• One Man Show
  • By Duncan Macmillan
  • Directed by George Perrin
  • Cast: Jonny Donahoe
  • Roundabout Theatre, Southbank Centre
  • Until 11th July 2015
  • Time: 21:30
  • Review by Nicola Watkinson
  • 7th July 2015
Every Brilliant Thing
5.0Reviewer's Rating

Poignant, funny, serious, naive, sophisticated… Every Brilliant Thing is an outstanding piece of theatre. The venue, a pop-up theatre that is assembled and taken down at each location, is small and intimate, the perfect setting for this play that is incredibly wide-reaching, but incredibly intimate at the same time. The play is performed in the round, as a monologue, but requires audience participation throughout, strengthening the bond between actor and audience as we become even more involved in the developing plot.

Every Brilliant Thing tells the story of a seven-year-old whose mother attempts to commit suicide – not understanding why someone would want to end their life, he takes it upon himself to write a list of all the good things in the world, to remind her what there is to live for. As he grows up, the list is forgotten, re-discovered, lost and found again – the story is sometimes a little contrived, but it’s also incredibly sweet, packed with the kind of coincidences we want to believe in.

Donahoe’s affable persona tells us his life story, acting out important scenes – like, for example, the death of his childhood dog – with the help of audience members, who take on various roles such as a guidance councillor, his father, his girlfriend and the vet who puts his dog down. There’s a lot of room for improvisation by audience members – in any show with audience interaction, there are going to be differences between each performance, but in this show there is more scope for exploration than most. The moments when Donahoe picks an audience member out of the crowd are, perhaps surprisingly, some of the most poignant of the whole show: early on, he finds someone to play his seven-year-old self opposite Donahoe as his father – all the audience member has to say is ‘why?’ after everything Donahoe says. This starts off funny, something we all recognise from our own conversations with curious children, but soon takes a turn for the serious: “Buckle your seatbelt.” “Why?” “Because we’re going to the hospital.” “Why?” “Because that’s where your mum is.” “Why?” “Because she hurt herself.” “Why?” “Because she’s sad.” “Why?”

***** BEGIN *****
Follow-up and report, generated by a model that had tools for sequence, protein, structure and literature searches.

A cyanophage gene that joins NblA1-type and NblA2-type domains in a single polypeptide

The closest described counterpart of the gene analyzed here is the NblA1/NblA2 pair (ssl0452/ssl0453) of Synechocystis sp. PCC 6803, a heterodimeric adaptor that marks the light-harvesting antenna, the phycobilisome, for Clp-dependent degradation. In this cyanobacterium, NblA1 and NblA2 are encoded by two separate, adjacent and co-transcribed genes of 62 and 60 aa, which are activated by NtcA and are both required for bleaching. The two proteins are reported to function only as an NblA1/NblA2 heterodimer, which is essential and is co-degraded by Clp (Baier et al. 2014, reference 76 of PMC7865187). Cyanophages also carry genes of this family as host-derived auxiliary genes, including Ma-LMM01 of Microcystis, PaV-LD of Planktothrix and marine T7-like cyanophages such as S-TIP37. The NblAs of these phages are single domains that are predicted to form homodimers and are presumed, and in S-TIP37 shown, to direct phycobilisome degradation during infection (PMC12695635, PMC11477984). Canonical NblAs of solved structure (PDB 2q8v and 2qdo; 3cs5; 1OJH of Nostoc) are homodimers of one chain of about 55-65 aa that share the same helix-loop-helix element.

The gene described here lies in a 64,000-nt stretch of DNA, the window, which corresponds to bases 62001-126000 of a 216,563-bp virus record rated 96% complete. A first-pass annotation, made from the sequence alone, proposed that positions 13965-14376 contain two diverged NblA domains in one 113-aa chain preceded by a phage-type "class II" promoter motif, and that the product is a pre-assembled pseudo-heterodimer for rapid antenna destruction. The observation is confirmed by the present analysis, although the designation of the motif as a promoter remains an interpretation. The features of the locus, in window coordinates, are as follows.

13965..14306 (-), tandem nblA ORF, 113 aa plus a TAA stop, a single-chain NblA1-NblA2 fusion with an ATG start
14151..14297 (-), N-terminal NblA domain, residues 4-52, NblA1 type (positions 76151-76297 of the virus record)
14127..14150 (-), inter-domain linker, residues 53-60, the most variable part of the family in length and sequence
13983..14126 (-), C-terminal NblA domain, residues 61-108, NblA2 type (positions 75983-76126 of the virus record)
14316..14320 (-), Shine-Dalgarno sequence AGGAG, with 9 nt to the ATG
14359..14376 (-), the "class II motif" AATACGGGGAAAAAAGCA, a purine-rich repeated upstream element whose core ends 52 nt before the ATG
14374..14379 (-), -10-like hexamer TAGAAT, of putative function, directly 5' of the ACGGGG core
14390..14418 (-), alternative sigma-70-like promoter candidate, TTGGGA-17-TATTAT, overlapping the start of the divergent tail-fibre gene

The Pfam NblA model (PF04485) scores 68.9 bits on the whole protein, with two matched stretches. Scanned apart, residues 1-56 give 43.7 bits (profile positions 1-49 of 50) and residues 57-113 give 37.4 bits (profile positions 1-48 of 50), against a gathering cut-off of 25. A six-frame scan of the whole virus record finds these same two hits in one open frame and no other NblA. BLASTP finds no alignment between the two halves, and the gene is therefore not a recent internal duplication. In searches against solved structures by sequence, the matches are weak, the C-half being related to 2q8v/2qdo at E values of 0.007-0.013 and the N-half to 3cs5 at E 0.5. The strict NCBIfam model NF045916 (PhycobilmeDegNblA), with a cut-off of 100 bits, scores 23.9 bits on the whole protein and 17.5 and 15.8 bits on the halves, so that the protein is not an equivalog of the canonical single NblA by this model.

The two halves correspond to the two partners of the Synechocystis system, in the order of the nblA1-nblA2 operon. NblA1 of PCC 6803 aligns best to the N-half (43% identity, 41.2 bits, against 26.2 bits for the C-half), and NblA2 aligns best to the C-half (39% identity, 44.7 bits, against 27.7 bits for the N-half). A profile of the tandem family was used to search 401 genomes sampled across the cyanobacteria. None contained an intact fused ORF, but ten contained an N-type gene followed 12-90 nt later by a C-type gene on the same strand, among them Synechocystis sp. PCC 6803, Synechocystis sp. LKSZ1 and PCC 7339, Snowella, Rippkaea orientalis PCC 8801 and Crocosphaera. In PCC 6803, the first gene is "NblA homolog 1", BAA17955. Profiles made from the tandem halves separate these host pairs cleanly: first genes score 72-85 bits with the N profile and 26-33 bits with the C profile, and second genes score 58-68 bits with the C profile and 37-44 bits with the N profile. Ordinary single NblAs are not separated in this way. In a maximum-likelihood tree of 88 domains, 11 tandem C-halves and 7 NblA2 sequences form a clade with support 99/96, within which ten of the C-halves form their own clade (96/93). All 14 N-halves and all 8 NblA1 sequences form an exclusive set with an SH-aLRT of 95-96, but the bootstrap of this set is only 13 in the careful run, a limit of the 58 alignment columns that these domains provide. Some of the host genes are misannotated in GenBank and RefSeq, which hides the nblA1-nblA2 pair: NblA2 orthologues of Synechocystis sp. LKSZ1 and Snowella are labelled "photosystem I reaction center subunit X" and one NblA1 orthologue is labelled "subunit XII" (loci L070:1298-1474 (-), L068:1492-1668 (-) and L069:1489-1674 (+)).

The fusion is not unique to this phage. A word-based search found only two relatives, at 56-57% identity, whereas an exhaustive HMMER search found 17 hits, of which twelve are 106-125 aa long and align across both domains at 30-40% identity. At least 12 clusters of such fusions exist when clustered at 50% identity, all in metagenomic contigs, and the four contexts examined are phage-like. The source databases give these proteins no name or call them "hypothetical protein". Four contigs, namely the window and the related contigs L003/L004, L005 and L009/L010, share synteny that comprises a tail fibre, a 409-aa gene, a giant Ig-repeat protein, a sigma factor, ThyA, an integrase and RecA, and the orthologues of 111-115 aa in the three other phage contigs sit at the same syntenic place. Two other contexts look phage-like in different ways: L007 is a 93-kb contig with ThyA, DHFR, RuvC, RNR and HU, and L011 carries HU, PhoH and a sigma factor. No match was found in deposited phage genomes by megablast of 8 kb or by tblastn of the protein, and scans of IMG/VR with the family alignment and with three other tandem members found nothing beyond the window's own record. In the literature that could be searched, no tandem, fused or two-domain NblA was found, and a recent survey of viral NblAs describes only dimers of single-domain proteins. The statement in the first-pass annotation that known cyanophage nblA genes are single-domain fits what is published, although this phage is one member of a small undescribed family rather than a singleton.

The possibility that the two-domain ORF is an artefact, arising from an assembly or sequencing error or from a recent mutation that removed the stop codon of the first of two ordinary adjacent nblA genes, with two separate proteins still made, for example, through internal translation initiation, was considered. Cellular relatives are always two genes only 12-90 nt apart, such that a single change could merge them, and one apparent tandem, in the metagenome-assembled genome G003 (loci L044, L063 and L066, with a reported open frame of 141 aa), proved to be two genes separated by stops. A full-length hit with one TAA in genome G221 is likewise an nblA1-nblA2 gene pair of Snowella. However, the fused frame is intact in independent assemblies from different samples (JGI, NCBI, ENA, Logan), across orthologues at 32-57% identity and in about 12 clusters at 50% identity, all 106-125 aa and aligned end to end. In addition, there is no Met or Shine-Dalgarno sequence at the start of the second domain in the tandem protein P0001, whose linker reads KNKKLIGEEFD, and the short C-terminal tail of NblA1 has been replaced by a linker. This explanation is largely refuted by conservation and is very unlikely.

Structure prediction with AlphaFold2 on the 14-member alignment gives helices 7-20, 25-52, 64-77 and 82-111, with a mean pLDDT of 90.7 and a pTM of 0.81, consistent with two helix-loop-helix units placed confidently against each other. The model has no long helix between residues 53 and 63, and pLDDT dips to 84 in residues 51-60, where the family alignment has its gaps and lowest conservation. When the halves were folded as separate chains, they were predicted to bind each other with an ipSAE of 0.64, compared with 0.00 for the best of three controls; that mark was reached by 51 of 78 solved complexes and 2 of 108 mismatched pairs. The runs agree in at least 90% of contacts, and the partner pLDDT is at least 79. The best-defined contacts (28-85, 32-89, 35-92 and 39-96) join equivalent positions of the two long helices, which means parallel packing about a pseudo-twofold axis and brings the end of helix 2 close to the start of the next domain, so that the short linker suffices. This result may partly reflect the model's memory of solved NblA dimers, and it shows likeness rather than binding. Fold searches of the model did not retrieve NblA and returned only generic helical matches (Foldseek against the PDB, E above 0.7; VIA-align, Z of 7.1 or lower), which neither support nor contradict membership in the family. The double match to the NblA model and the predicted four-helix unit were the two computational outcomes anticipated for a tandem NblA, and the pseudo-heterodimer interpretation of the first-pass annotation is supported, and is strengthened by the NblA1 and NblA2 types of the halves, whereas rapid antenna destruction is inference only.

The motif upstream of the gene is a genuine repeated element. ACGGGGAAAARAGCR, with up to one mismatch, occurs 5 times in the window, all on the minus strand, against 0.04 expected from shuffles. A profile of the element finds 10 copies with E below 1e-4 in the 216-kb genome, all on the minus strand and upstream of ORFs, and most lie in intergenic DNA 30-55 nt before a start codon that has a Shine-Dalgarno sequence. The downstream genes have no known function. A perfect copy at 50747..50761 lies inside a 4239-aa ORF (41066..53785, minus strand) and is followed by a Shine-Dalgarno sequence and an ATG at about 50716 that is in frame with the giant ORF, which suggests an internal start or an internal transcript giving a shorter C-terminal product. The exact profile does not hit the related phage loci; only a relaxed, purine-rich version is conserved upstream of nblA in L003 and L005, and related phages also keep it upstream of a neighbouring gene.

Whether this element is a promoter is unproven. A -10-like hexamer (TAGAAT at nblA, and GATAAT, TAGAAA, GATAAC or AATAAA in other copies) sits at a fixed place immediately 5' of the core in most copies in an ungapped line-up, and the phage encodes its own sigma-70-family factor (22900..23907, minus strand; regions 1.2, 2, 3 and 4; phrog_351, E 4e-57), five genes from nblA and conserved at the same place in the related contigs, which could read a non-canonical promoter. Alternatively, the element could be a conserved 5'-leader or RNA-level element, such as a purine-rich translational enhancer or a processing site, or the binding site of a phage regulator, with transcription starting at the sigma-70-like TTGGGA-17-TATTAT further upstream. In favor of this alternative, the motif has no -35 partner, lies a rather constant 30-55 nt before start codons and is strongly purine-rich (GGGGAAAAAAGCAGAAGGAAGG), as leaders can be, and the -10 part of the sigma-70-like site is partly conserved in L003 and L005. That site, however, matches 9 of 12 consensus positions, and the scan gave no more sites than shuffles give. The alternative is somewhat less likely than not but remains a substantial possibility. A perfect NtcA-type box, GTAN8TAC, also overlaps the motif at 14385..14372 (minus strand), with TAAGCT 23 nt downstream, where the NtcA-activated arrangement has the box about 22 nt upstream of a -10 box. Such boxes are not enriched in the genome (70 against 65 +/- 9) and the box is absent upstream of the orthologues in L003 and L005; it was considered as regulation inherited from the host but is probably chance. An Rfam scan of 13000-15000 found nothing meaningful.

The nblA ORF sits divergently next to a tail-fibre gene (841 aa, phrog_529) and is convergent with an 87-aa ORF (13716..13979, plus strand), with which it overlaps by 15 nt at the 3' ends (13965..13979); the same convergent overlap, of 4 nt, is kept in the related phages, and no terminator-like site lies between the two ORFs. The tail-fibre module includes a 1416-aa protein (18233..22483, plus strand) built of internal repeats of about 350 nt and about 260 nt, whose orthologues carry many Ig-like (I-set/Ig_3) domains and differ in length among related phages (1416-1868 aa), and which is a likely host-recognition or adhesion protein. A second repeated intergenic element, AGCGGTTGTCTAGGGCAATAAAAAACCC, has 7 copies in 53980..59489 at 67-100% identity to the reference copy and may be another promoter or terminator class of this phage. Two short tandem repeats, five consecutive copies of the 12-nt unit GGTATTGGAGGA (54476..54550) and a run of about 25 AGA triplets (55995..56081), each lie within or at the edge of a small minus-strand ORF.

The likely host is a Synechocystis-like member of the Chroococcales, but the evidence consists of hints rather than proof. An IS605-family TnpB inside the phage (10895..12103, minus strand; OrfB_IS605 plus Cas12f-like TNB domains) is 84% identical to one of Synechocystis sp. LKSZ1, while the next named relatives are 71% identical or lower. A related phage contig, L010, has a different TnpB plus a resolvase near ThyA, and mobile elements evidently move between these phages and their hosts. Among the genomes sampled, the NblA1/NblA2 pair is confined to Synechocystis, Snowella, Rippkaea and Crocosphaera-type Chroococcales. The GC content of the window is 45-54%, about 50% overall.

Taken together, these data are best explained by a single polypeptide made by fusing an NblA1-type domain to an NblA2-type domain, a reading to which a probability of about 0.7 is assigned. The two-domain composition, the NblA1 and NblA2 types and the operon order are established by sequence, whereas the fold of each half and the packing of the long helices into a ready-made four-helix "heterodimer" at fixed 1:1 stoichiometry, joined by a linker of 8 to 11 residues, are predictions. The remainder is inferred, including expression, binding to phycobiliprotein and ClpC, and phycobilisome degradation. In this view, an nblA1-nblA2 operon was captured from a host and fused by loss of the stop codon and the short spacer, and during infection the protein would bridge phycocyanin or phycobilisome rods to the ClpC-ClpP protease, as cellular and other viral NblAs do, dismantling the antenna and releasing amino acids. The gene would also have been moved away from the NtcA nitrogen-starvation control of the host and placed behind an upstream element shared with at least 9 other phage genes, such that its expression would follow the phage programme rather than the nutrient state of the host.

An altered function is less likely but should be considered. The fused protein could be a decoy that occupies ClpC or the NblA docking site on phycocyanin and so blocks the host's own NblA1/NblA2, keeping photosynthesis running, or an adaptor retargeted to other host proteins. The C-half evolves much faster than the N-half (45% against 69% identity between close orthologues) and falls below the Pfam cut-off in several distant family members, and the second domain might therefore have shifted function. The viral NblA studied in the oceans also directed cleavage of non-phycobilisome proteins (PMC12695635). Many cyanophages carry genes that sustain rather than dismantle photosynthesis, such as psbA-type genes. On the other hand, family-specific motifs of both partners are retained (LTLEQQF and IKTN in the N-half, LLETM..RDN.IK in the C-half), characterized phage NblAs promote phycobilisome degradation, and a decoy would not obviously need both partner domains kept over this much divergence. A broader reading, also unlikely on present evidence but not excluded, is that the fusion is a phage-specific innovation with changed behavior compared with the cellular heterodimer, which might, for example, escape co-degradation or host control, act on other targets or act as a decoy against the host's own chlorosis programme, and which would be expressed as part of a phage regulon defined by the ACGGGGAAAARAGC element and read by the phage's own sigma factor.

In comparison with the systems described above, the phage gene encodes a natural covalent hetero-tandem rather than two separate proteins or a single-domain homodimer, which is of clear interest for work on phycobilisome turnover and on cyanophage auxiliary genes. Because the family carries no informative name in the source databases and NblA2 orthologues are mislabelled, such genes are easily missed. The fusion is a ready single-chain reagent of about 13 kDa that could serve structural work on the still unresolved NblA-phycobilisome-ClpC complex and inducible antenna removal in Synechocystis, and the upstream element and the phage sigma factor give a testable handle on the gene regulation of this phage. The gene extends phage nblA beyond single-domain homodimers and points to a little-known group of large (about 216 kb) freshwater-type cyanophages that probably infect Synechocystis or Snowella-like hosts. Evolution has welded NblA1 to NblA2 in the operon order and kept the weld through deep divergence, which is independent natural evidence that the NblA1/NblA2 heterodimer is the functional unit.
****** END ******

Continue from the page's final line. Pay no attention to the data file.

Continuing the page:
One hour long, without an interval, the play is short enough to remain captivating – perhaps even too short. We leave wanting to know more – we are reminded of the questions that are in the back of our mind, but we want answers, and this play does not offer them. It is so powerful because it is both complex and simple at once – as, indeed, are the topics it covers: love, depression, suicide. Beginning by exploring a seven-year-old’s experience of death, and working through his adolescence and adulthood, the show is stunningly realistic, reflecting both the inevitability and incomprehensibility of death. In the character’s life, death is something to be feared, but also something that can potentially be tackled with a simple list: ice cream, karate movies, people falling over. Every Brilliant Thing reminds us of this duality, that although life can be sad, dark, haunted by depression and fear of death, it can also be filled with beautiful, brilliant things – and this play is one of them.


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